The rise of website builders have made it easier and more affordable for individuals and small businesses to get high quality websites. But being an individual with no technical know-how and relatively little information on what helps to make a stellar website means that many website builder novices run into dozens of common pitfalls and mistakes. Unfortunately, it’s quite true that a lot of people will read review columns and get some good info. See: WebsiteBuilder.com review for one such page. Then novices still end up selecting a website builder solely based on cost, disregarding other concerns and potential pitfalls before diving in. After a hefty review, we’ve compiled a list of some of the top mistakes made by novices, how they can affect traffic and business, and what to do to avoid them.
Not Designing With Mobile in Mind
Not all website builders provide responsive or mobile friendly websites, and as of 2015, depending on industry, mobile traffic can make up as much as 60 percent of a website’s traffic. If your design isn’t mobile friendly, you can write off all those potential visitors as absolutely lost. A responsive website is one which automatically modifies to fit the size of the device which is viewing it, whether a pc, tablet, or mobile. Mobile versions are separate versions of a website which are specially made around tablet or smartphone viewers. Ideally, individuals should select a website builder which provides only responsive templates or themes… rather than one which offers a ‘mobile version’, which can be a lot of work to make and maintain, and are steadily becoming obsolete.
And worse, what if a mobile version or responsive theme is terrible to handle on a tablet or smartphone? Anyone building a website should thoroughly test templates and themes in a mobile environment before selecting them. Having a website that’s difficult or frustrating to use in mobile environments is just as bad as not having one at all.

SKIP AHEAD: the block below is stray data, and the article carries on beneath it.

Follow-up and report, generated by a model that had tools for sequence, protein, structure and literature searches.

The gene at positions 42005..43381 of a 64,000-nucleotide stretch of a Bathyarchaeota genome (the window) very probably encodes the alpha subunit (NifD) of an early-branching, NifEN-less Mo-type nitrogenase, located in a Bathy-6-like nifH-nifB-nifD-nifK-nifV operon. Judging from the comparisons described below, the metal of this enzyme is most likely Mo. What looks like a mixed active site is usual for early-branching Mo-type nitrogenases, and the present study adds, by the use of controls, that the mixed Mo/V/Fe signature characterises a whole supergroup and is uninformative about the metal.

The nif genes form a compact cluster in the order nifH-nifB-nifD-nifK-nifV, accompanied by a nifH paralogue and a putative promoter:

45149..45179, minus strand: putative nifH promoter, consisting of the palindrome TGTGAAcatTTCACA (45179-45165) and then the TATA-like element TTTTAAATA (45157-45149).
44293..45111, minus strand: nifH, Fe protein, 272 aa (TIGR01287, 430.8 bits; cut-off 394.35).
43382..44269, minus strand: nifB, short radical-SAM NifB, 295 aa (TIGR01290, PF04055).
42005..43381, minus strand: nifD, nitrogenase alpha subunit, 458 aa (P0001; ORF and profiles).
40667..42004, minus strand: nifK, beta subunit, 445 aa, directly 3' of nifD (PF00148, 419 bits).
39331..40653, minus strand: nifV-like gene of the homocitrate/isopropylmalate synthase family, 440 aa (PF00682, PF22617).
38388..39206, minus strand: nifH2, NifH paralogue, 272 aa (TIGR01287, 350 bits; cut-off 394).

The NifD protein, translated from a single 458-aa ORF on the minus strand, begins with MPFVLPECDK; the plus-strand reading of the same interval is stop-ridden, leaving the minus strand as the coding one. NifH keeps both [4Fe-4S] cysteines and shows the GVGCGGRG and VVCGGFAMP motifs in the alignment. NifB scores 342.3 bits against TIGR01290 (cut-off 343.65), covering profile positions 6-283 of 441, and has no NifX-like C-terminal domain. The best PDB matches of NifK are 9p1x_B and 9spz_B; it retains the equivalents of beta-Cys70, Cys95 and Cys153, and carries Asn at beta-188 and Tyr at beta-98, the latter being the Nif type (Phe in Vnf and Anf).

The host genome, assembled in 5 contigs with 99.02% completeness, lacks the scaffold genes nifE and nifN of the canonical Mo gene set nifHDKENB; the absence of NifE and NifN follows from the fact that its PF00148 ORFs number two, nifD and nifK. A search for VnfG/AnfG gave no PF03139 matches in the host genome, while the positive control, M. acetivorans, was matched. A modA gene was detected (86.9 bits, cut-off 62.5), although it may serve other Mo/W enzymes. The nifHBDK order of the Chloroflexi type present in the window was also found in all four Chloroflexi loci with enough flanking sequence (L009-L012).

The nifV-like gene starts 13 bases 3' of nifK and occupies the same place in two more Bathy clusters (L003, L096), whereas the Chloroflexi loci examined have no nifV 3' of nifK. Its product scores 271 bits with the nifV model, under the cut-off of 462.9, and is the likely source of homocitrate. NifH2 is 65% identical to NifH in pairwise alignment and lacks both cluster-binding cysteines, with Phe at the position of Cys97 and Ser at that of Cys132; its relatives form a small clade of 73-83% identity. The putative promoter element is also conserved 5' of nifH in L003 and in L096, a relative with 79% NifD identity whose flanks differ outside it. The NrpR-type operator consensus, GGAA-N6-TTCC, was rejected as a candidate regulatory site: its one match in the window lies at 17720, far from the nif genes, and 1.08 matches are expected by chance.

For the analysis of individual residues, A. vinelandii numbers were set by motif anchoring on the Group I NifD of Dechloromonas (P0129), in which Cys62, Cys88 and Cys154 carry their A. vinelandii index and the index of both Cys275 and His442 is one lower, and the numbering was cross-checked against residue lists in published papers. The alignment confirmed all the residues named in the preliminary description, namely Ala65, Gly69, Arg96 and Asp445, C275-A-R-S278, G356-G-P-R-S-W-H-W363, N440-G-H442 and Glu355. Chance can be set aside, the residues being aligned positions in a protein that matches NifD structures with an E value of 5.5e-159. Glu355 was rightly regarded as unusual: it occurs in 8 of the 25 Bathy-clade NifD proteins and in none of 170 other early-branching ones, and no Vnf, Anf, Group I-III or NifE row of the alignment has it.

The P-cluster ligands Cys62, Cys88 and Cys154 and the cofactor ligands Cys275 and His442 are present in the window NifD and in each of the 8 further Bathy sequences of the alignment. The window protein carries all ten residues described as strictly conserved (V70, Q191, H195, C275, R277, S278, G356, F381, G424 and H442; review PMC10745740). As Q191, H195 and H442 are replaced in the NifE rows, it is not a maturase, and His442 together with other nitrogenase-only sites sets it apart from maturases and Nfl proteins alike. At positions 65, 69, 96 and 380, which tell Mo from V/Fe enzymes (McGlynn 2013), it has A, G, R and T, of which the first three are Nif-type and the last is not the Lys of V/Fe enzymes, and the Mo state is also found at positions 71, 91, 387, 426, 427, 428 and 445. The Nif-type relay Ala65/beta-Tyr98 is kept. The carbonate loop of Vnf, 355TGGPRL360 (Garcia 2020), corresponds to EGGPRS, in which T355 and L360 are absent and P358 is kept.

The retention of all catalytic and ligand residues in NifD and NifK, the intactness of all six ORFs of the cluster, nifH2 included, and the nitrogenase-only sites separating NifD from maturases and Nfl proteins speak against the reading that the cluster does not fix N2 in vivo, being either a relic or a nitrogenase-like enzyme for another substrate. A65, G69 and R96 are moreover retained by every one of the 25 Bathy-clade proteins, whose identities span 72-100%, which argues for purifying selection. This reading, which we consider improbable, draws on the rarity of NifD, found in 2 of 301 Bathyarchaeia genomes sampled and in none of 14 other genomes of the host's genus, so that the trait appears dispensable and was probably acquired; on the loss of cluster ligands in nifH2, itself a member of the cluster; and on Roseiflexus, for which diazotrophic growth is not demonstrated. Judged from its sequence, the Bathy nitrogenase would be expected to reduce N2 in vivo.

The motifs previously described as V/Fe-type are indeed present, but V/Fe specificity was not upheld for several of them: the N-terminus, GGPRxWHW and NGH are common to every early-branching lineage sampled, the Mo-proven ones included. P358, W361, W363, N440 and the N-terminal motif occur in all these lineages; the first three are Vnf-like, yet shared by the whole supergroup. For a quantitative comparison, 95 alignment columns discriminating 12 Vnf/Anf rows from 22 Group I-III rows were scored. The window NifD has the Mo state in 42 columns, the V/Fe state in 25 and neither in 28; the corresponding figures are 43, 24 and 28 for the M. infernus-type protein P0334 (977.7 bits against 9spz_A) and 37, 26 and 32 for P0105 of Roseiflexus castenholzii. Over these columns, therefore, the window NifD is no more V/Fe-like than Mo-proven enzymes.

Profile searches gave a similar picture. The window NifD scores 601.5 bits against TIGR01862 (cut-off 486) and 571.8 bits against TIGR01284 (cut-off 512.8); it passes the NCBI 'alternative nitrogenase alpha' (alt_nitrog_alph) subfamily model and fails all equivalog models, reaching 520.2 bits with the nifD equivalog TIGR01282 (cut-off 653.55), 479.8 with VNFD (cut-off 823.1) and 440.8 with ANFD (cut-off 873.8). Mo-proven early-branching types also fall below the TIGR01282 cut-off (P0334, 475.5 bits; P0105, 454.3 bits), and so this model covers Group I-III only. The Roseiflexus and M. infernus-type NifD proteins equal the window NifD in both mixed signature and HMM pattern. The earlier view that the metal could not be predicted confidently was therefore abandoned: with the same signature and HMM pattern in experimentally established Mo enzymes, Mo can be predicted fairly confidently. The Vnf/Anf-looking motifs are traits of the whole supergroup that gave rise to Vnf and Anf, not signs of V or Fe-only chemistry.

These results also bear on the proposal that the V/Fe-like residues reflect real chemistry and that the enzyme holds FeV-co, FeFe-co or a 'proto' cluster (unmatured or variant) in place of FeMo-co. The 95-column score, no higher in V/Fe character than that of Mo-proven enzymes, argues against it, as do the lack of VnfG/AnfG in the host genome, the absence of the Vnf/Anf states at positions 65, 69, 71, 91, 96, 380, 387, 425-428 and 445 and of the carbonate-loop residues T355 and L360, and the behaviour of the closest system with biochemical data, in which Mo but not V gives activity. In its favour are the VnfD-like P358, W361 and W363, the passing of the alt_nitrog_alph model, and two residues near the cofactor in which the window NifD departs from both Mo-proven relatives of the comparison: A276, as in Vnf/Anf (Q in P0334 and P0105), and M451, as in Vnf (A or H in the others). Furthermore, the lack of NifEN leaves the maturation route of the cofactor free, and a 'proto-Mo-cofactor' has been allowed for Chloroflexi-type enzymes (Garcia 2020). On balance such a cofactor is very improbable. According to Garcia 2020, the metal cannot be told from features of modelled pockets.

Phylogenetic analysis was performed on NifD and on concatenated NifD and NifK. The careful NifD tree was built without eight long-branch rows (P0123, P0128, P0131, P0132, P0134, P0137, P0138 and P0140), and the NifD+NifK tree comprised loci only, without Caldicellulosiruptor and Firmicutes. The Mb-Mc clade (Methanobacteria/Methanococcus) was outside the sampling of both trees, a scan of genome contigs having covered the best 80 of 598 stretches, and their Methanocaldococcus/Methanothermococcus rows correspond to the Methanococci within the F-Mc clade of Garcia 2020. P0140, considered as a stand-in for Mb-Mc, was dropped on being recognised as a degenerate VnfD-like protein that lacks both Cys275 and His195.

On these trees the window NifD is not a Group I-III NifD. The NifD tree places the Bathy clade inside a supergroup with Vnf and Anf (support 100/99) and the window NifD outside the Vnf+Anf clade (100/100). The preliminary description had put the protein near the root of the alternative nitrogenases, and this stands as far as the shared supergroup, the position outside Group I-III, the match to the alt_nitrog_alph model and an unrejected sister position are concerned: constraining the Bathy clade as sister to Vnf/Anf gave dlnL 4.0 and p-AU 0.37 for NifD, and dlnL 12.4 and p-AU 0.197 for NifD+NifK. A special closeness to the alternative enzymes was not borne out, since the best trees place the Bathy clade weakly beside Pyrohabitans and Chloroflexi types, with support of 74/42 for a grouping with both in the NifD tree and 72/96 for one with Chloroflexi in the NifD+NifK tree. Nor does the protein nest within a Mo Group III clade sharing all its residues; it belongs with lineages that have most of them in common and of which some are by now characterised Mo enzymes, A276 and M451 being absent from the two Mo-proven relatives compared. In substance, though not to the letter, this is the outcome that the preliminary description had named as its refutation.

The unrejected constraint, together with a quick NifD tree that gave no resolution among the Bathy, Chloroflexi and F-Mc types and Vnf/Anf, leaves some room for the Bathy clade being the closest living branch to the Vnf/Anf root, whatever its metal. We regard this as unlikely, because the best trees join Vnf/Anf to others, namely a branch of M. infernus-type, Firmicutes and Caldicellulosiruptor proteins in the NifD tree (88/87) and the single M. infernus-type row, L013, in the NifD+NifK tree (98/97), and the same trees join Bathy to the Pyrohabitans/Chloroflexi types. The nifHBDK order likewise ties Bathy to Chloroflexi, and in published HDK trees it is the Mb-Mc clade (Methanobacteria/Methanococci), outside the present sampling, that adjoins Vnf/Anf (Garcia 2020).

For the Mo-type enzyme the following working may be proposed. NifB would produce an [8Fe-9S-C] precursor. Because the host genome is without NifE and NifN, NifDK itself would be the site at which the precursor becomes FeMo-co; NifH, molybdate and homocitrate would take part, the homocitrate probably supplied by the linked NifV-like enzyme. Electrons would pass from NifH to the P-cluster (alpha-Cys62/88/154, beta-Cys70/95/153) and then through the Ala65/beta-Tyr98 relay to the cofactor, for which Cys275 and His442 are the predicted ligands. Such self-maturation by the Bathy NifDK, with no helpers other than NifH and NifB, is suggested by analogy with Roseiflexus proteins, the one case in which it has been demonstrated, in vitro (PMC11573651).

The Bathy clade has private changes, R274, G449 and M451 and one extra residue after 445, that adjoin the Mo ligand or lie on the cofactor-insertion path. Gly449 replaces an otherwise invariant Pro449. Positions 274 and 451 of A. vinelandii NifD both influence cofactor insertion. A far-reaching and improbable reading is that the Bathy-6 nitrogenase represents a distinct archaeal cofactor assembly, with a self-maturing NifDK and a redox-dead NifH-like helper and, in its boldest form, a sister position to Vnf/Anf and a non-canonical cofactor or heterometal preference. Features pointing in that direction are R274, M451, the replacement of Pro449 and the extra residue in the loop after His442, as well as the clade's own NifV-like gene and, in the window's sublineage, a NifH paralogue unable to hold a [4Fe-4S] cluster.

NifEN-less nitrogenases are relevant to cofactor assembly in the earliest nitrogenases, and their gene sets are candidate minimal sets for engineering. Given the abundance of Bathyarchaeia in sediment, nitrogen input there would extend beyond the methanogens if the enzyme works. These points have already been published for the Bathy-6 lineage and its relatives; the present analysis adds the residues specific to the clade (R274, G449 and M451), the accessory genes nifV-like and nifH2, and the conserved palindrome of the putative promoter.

A lot of novice designers pack a lot of items into their sidebar, everything from social media like buttons, twitter feeds, pictures, and more. And not only are these extraneous plugins and widgets often extraneous things that visitors don’t care about (or worse, find actively annoying), but they can dramatically reduce a website’s speed. And according to some recent studies, each second of slow website loading can represent as much as an additional 11% in increased bounces or visitor drop-offs.
Instead, keep social media presence in the sidebar minimal in the sidebar: keep it in-page or in the footer. Place only helpful items in the sidebar, such as links to your most popular content, search bars, and organizational items.
A number of novice website makers choose complex page background patterns and colored fonts or otherwise outlandish typography, which make for a dismal reading experience, especially on mobile devices. Sure, it might look interesting, but if people can’t read what you have to say, they will leave the site.
A great rule of thumb is not to have patterns or wallpapers behind text except in graphics or headers. For the body of your pages, you should select a dark font over a pale background, and the font should be simple.
This is primarily a concern for websites which have many posts or a lot of pages. How do people get to what they want to find? Are the pages linked in the menu the ones which make the most sense? Can visitors easily find categories, tags, and other important organizational information? Is there a search bar which is easy to find and use?
Before calling your website finished, always have other individuals use your website and provide a review. Use friends and family in a pinch! Give them the titles of specific pages to find, both main pages and older posts, and see what they have to say. When in doubt, link major categories easily in the sidebar or the menu, and in major menu pages, include easy links to related content. Always, always, always provide a search bar either in the menu or the sidebar.
Long Registration Forms
Many novice website builders utilize long or complex registration form design so that they can gain as much information as possible from visitors. And while that’s an admirable goal, it’s frustrating for users, and long forms often result in an increased bounce or drop off rate.
So, don’t ask for a lot of information. Keep your registration forms to two or three fields, tops. You’ll get more registrations, bottom line.
A good website is simple, clean, and easy to use. But it’s very, very easy to make a website which is not any of those things. So avoid the trap of wanting to add more, and keep it simple. When in doubt, seek the advice of others whose opinions you can trust, and get good opinions from users.